The Association of American Colleges and Universities published a recent study entitled, Raising the Bar, Employer Views On College Learning In The Wake Of the Economic Downturn. Performed by Hart Research Associates, respondents included 302 private sector employers (owners, CEOs, presidents, C-suite level executives, and vice presidents) who had at least 25 employees with 25% or more of new hires having attained either an associates or bachelor degree.

The increasing demands of the workplace have forced employers to hire employees who possess a broader set of skills and higher levels of learning than in the past. According to the study, only 1 in 4 employers believe college degrees are enough to prepare students for work in this global economy.

Has US Higher Education failed to teach skills

Employers admit that their expectations of employees have increased due to the challenging demands facing employees today. According to the study, approximately 88% agree that students need to be equipped with a higher level of learning and knowledge to succeed in their organizations. The challenges are more complex than they were years ago and key skills are needed to thrive.

Has US Higher Education failed to teach skills - part 2

According to the above data, 68% of employers feel that four-year colleges need to make improvements to prepare students for the workplace. The majority think that some improvements, rather than significant improvements are needed.

Real World Examples

Robert D. Atkinson, Ph.D., President of the Information Technology and Innovation Foundation, wrote an article entitled, The Failure of American Higher Education for the Huffington Post. In it, he cites the shortcomings of new hires in the workplace. As the president of a DC-based think tank, he has been involved in the hiring process of many new college graduates. Due to the poor quality of education as witnessed on interviews, the company has decided to send a short quiz to promising applicants to weed out the low performers. Atkinson was surprised to find that most of the applicants could not perform simple tasks adequately. In a recent hiring process, out of twenty applicants, only one passed the test. Even more surprising—the nineteen applicants hailed from top-tier institutions.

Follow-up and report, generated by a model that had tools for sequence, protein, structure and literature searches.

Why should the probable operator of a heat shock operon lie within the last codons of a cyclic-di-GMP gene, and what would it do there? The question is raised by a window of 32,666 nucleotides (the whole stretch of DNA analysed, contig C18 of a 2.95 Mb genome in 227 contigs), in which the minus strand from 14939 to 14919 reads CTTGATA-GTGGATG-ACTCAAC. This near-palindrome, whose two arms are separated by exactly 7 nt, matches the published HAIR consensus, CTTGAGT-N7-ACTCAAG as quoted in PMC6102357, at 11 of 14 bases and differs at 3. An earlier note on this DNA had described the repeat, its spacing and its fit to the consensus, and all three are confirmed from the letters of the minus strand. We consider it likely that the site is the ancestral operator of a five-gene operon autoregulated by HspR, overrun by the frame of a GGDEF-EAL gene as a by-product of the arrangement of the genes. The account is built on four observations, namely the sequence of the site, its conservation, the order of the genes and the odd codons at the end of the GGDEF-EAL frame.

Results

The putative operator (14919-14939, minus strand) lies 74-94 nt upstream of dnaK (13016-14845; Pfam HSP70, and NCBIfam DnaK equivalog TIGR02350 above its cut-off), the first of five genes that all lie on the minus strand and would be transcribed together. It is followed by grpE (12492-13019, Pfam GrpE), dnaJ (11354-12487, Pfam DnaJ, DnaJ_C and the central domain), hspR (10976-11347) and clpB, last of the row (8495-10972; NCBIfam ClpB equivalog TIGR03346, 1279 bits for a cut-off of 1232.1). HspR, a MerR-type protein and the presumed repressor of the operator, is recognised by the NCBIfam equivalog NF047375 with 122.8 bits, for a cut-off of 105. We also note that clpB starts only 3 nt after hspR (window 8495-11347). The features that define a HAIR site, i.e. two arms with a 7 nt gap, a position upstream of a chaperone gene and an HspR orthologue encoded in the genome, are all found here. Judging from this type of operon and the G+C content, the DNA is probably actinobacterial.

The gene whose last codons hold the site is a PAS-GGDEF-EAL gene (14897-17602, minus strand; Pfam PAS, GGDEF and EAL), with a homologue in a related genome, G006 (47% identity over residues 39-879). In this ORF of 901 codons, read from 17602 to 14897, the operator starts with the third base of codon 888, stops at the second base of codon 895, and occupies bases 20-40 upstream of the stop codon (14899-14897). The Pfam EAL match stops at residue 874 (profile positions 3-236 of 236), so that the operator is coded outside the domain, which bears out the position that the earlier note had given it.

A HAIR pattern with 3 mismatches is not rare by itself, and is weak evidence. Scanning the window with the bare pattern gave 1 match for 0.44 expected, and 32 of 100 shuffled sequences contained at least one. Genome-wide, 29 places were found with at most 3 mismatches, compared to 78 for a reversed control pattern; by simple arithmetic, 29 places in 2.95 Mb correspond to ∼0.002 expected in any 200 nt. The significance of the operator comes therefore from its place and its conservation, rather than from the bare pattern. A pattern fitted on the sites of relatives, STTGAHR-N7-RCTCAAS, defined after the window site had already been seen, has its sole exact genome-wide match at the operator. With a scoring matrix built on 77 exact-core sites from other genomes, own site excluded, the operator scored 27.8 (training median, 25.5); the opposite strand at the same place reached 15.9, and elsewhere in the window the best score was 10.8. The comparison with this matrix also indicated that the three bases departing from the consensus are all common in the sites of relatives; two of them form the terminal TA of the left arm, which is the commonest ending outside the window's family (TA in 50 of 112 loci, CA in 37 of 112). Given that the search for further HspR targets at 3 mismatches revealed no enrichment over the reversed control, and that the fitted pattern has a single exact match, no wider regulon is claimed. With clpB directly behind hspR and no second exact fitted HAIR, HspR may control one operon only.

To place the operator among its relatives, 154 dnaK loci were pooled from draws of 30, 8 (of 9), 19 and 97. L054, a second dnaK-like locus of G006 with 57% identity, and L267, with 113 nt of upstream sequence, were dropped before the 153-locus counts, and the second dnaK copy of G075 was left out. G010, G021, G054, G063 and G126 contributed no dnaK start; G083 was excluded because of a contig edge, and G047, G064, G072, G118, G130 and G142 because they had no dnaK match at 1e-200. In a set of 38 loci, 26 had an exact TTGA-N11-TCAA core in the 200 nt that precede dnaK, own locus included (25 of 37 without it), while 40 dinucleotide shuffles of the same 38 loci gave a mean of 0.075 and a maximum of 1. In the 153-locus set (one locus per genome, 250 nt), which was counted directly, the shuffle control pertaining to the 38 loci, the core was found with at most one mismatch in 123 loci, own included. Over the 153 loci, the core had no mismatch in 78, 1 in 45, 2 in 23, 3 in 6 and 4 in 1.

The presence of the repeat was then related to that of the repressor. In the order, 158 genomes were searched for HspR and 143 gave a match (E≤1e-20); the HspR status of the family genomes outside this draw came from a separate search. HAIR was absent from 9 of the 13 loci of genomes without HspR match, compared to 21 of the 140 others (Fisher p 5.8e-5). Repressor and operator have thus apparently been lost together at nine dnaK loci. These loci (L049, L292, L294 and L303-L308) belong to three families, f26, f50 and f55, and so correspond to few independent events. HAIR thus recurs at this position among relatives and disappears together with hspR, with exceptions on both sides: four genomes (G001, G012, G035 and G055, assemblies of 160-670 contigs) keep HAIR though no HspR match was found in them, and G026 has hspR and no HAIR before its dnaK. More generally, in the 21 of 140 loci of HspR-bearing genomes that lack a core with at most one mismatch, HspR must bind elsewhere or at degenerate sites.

Atkinson offers more evidence to corroborate his opinions. According to national tests, among recent four-year college graduates, less than 40% were proficient in prose, document and quantitative literacy.

The Secretary of Education’s Commission on the Future of Higher Education notes, “There are … disturbing signs that many students who do earn degrees have not actually mastered the reading, writing, and thinking skills we expect of college graduates. Over the past decade, literacy among college graduates has actually declined.”

Why are colleges failing to instruct students on basic skills?

It seems as if basic tasks such as grammar and math are sideswiped by other subjects. Some would suggest that colleges need to focus more on conventional teaching. Or maybe the Internet has distracted today’s students.

According to Atkinson, colleges primarily center their instruction on teaching content, rather than basic skills. Most college faculty are more interested in teaching academia and the subjects on which they are passionate, rather than the basic skills of research, logic, writing or debate. For most jobs in this current economy, these skills are more important than basic content, unless the position is more science and engineering based. What matters is that students acquire these basic skills so they can properly contribute to the success of an employer.

To add insult to injury, many college graduates feel they are shortchanged. According to a study performed by Roper Organization, half of recent graduates do not feel they got their money’s worth with their education. Why? The American Council of Trustees and Alumni rate schools by how many core subjects they offer. Upon review of 1,000 colleges and universities, 29% require two or fewer core subjects to graduate, while only 5% require a basic economics course. These same statistics hold true for U.S. government or history courses.

Atkinson believes a solution is imminent. “In K-12, we have learned the hard way what happens when we act too slowly to shake up how we teach our kids. Let’s act more quickly when it comes to higher education and preserve and strengthen this pillar of our economic strength and source of future prosperity. We owe it to the young people often paying over $50,000 a year and we owe it to ourselves as a nation.” (Atkinson, 2010)


Huffington Post. (2010). The Failure of American Higher Education. Retrieved from

The News Tribune. (2011). U.S. Higher Education Failing to Focus on Basic Skills. Retrieved from

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